Thursday 14 December 2017

Fillon's problems mount as probe to be pursued

François Fillon
François Fillon

Gerard Bon in Paris

Conservative presidential candidate François Fillon's woes piled up yesterday when France's financial prosecutor chose to pursue a probe into the fake-work scandal that has dogged him, and as far-right rival Marine Le Pen gained in the polls.

Two polls showed Mr Fillon, once the front-runner, being knocked out in the first round of the two-part vote.

Prosecutor Eliane Houlette said after receiving a police report that she was keeping open an investigation into the Fillon jobs scandal.

Mr Fillon's status as favourite to win the presidency in May has evaporated in the past three weeks over whether or not his wife did real work for hundreds of thousands of euros of taxpayers' money when she was paid as his assistant.

The issue has also sown concern among investors that the anti-Europe, anti-euro Ms Le Pen, of the Front National, could win the presidency. She has moved up in the polls but remains well behind.

"It is my duty to affirm that the numerous elements collected (by investigators) do not, at this stage, permit the case to be dropped," Ms Houlette said after receiving an initial report on whether public funds were misused.

Ms Houlette did not announce further steps in a case becoming known as 'Penelopegate' after Mr Fillon's British wife.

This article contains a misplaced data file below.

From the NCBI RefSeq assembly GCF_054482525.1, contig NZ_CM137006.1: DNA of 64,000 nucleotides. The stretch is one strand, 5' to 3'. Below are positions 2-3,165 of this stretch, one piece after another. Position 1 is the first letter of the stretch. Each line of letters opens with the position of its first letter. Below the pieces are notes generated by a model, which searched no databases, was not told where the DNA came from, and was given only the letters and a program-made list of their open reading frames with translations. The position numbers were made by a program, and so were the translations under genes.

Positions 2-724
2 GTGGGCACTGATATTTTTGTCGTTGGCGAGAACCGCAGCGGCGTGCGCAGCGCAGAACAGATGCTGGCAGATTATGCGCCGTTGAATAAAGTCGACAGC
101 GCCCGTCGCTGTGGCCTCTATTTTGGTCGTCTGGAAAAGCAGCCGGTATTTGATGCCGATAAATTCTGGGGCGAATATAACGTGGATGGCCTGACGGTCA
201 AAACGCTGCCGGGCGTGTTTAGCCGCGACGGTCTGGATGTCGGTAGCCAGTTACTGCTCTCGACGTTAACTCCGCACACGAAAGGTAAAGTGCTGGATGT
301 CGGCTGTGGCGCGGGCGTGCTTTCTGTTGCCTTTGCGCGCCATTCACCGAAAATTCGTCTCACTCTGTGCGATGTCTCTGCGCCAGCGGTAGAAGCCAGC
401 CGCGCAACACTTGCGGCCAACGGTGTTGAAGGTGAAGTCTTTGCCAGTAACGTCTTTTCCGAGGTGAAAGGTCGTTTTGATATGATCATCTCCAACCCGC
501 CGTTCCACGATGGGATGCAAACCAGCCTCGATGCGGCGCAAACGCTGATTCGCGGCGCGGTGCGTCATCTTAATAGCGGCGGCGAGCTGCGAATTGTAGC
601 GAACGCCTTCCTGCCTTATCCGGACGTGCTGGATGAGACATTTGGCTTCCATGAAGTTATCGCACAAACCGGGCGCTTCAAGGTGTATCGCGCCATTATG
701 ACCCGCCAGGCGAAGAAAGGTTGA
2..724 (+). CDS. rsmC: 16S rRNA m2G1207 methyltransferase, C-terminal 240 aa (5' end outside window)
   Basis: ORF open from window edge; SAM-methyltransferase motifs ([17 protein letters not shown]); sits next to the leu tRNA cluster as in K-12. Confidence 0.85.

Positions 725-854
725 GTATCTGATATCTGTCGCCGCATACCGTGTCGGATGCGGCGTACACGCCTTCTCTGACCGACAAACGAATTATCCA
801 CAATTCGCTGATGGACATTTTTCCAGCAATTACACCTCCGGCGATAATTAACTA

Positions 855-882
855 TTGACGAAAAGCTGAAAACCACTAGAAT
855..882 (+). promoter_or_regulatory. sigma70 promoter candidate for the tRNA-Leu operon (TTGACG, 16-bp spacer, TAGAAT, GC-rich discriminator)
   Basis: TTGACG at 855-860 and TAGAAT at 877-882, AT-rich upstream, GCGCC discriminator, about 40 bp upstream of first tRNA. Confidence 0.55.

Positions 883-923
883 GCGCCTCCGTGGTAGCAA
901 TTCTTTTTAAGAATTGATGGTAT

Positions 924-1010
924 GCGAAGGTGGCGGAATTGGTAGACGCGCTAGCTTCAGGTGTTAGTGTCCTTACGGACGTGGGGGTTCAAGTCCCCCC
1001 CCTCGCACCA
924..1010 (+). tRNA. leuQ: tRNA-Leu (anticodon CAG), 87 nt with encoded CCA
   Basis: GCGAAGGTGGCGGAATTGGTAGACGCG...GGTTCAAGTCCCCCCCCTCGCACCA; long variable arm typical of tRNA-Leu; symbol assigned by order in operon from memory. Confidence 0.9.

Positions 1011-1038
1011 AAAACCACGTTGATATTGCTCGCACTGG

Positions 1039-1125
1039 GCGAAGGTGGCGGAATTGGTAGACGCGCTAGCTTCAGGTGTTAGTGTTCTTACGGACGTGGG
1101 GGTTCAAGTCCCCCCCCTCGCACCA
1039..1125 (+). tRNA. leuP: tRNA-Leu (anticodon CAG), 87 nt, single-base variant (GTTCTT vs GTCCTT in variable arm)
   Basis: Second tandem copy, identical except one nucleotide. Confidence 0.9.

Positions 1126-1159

Among Ms Houlette's choices are dropping the case, taking it further by appointing an investigating magistrate, or sending it straight to trial.

A source close to the case said it now looked unlikely that the financial prosecution service, set up under President Francois Hollande in 2013, would drop the case.

Mr Fillon's camp has challenged the legitimacy of the probe. The candidate reiterated his criticism of the prosecutor's conduct in comments to the conservative newspaper 'Le Figaro' yesterday, saying she had added to the "media circus" surrounding the affair.

He also told 'Le Figaro' that he remained as determined as ever to continue the election campaign he began in November after winning a primary contest.

Mr Fillon (62) has said he would step down as The Republicans' candidate if he were put under formal investigation - a step that would be the decision of an investigating magistrate, but which could take months or years.

He has so far faced down a rebellion among conservative lawmakers who want to appoint a new candidate, but there are still rumblings about his unsuitability.

Bruno Le Maire, Mr Fillon's adviser on international affairs, told Reuters that Mr Fillon was the mainstream right's only chance.

Irish Independent

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